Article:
It’s going to be a while before air travel returns to anything resembling what it was before the COVID-19 pandemic. And after seven months of restrictions on international travel, many people are eagerly awaiting the opportunity to board an international flight. This doesn’t just include vacationers who had to postpone their dream trip because of COVID—the limitations on international flights have also posed challenges to those who travel for business, or to visit family in another country.
Now, a new pilot program giving passengers the opportunity to upload their COVID-related health data, is being tested by two major airlines as a way to potentially facilitate international travel during the pandemic. Here’s what you need to know about the so-called “COVID passports.”
What are COVID passports?
Starting back in April, there has been talk of using “immunity passports” to enable international travel. Initially, the idea was to issue some type of documentation to people who have developed immunity to SARS-CoV-2, but as we learned more about the virus, it became evident that it didn’t follow the typical trajectory of recovery. At this point, it’s still unclear whether everyone who had COVID-19 will achieve some type of immunity, and if so, how long it will last. There are also plenty of legal and ethical challenges with that type of system.
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To be clear: the newly announced COVID passports take a different approach: Instead of providing proof of immunity, they function as a “digital health pass,” where passengers can provide certified COVID-19 test results to border agents when they arrive in a different country, AFAR reports. They are called CommonPass, and were developed by the Swiss-based nonprofit the Commons Project and the World Economic Forum. So far, the organization has presented their idea to at least 37 countries.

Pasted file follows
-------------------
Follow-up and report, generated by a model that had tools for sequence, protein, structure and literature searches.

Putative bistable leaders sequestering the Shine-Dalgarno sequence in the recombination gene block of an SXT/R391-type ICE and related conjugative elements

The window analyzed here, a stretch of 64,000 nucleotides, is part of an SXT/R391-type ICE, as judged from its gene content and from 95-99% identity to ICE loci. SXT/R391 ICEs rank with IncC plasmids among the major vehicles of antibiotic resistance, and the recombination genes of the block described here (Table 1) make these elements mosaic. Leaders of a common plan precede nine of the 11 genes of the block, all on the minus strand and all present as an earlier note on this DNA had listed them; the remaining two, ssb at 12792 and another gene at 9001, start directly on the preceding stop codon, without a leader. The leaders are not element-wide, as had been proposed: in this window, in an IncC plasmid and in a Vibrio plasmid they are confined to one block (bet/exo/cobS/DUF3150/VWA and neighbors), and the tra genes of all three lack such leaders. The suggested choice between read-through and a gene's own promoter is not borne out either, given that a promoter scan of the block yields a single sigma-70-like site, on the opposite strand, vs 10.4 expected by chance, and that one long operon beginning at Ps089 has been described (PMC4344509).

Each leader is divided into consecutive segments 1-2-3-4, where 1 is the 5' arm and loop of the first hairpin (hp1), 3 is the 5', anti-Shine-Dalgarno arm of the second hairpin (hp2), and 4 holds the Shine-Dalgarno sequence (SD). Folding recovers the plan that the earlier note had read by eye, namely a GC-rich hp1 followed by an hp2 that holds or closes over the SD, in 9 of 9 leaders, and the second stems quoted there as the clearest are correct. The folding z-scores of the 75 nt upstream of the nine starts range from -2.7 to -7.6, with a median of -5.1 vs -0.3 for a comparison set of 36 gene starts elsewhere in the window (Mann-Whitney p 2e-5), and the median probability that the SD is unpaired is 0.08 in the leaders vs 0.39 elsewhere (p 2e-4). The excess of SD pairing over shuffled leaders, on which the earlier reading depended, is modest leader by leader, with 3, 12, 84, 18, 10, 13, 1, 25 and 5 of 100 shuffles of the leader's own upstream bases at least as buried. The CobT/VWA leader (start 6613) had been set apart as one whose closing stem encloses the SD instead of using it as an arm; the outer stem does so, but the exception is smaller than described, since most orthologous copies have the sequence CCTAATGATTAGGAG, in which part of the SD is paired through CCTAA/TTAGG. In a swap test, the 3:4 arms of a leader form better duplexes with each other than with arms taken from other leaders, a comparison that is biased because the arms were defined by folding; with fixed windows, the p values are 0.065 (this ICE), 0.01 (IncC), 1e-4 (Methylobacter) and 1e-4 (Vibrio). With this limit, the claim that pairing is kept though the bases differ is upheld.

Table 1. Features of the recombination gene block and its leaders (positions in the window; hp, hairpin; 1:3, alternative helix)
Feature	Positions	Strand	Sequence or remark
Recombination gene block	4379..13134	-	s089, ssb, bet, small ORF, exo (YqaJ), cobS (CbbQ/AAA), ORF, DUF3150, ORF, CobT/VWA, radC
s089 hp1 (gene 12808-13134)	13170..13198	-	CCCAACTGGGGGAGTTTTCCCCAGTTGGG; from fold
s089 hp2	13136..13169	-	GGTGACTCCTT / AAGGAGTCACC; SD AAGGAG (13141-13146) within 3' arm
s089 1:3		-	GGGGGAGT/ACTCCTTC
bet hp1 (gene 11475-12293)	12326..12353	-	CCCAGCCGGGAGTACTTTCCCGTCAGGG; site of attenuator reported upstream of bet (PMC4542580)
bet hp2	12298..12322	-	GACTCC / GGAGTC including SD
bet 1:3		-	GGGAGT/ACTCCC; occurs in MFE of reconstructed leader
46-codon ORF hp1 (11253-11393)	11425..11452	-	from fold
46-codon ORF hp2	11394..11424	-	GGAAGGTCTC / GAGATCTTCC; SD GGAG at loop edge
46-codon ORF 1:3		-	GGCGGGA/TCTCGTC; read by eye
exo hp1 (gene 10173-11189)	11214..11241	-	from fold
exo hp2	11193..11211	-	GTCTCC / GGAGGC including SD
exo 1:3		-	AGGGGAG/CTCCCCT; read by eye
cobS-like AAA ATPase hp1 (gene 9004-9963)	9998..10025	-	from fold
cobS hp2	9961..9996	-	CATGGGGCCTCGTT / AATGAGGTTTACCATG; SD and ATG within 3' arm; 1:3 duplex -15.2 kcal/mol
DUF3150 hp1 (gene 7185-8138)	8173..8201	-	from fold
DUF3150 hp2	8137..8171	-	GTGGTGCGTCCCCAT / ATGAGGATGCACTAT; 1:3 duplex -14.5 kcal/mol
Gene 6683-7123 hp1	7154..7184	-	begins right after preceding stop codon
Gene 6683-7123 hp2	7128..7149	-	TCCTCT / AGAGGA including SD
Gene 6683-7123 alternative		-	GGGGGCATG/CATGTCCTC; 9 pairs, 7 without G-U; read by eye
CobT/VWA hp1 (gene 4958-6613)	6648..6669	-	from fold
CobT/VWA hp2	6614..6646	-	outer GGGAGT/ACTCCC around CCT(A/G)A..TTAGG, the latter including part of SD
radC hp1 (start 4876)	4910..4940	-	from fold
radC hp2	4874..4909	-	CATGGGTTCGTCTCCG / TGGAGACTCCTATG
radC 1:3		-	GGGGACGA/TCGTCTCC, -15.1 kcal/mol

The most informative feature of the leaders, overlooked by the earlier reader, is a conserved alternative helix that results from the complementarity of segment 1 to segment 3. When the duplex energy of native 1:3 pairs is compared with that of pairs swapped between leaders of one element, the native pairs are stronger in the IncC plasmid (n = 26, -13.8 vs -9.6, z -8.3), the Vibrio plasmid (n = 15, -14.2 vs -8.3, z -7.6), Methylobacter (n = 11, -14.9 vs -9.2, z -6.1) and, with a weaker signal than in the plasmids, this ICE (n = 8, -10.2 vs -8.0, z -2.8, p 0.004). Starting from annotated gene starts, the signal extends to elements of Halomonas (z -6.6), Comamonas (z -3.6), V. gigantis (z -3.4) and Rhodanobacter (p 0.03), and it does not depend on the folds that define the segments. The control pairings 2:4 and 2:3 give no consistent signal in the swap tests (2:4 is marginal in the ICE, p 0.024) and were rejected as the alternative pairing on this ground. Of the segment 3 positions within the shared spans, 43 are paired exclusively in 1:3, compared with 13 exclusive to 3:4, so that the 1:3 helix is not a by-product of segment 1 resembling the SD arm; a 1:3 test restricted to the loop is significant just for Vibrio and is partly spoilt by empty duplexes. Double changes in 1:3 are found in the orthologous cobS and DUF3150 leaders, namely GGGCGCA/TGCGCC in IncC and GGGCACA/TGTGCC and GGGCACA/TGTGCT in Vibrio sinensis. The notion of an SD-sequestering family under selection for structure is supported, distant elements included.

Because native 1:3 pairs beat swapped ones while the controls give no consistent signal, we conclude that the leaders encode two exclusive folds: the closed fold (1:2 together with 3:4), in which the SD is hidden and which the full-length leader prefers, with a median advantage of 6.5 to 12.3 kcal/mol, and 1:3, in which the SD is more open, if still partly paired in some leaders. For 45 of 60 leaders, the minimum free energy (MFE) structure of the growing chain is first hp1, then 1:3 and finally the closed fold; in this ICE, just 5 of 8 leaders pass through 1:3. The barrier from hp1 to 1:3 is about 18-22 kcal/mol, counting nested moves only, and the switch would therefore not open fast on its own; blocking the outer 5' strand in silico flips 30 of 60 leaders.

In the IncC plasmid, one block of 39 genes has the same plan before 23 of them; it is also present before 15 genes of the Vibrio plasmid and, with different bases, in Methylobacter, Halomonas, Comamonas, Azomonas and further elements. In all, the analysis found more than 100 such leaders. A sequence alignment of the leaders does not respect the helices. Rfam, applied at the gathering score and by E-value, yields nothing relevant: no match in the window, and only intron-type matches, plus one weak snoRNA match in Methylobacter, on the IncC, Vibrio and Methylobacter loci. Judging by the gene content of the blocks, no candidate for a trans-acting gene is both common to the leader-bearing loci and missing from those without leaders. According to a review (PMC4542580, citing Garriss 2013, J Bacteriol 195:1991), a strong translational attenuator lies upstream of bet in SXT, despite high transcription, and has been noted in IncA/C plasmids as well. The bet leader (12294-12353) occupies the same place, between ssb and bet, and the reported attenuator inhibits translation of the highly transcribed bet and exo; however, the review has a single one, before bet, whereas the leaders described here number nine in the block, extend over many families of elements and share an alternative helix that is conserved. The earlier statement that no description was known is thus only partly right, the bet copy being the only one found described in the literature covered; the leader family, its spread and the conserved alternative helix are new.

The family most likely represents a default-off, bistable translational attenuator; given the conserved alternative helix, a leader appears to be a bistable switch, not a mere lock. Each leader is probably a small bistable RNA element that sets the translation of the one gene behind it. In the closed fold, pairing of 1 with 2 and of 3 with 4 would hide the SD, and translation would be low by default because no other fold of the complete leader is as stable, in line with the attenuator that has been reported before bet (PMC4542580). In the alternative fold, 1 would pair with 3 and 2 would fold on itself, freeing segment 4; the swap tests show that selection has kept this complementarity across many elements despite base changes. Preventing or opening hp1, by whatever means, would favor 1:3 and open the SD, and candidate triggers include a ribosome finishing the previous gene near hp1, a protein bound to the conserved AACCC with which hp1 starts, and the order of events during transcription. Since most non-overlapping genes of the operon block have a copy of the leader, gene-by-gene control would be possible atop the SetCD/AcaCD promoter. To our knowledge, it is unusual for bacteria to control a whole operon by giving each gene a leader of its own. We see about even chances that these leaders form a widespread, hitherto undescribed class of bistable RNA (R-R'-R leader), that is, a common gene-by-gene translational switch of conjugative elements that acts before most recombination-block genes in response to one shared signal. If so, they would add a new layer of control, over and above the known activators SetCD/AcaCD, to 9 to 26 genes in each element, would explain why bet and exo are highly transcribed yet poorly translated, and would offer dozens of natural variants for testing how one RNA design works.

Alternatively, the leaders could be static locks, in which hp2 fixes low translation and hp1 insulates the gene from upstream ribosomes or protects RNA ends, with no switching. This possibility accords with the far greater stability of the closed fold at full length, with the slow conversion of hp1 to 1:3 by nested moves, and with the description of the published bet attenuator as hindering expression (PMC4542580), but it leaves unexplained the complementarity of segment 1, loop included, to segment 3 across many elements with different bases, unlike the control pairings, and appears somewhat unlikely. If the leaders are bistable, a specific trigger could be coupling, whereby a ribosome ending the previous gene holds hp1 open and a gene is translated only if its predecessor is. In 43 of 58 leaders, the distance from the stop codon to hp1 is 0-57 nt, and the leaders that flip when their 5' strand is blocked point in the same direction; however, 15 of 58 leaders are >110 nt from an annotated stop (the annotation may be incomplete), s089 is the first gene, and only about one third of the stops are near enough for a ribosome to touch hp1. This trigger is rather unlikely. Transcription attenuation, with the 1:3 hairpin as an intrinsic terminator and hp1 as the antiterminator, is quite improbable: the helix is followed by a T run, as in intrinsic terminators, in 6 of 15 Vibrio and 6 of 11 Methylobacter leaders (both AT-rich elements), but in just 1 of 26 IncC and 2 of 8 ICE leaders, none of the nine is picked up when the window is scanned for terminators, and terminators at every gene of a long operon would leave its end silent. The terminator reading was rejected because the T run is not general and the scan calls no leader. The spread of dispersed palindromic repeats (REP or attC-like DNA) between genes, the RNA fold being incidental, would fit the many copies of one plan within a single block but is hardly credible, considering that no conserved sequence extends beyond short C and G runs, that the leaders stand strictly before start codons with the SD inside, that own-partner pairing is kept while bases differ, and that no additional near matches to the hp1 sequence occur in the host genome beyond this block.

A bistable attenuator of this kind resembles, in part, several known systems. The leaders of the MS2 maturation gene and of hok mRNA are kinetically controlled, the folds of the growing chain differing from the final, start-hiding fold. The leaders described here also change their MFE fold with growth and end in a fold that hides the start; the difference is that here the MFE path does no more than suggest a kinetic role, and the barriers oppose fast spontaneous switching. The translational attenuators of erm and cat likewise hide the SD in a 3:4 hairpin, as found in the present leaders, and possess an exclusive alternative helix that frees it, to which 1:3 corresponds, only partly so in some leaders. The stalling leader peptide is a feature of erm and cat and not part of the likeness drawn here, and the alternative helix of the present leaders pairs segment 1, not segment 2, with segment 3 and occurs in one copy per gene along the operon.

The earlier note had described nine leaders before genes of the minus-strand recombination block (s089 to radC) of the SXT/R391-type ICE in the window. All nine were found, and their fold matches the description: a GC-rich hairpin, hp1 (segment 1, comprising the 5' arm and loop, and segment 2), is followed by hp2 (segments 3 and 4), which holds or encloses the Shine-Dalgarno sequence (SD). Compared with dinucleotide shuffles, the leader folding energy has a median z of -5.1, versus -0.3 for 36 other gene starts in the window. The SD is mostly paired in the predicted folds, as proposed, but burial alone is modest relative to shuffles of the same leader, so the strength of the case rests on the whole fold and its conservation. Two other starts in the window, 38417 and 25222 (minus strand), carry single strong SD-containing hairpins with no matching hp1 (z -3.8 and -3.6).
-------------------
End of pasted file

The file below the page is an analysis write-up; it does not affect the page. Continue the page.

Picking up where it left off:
“Travel and tourism has been down across the board due to the COVID pandemic,” Diane Sabatino, deputy executive director of field operations for the U.S. Customs and Border Protection (CBP) told AFAR. “CBP wants to be part of the solution to build confidence in air travel, and we are glad to help the aviation industry and our federal partners [start up] a pilot like CommonPass.”
At this point, United Airlines and Cathay Pacific Airways have started testing the CommonPass, offering it as an option to passengers on select flights between London and New York and between Hong Kong and Singapore.
How does CommonPass work?
Basically, it requires a lot of steps and international cooperation. We’ll let Michelle Baran at AFAR explain it:
Each participating country must decide on two things—first, which COVID-19 tests and lab results are deemed credible. For instance, in the United States, the current standard required by states such as Hawaii has become a PCR test (also known as the nasal swab test) administered by a lab certified by the Clinical Laboratory Improvement Amendments (CLIA).
Secondly, each government must determine what its entry requirements are. Once those are established, the CommonPass creates a digital network with certified labs so travelers’ results can be uploaded to the platform. And when travelers enter their destination, they are given the entry requirements they need to fulfill.
After travelers take a COVID-19 test at a certified lab and upload the results to their mobile phone, they can then complete any additional health questionnaires required by the destination country. CommonPass confirms compliance and generates a QR code that can be scanned by airline staff and border officials either from a mobile device or one that has been printed out.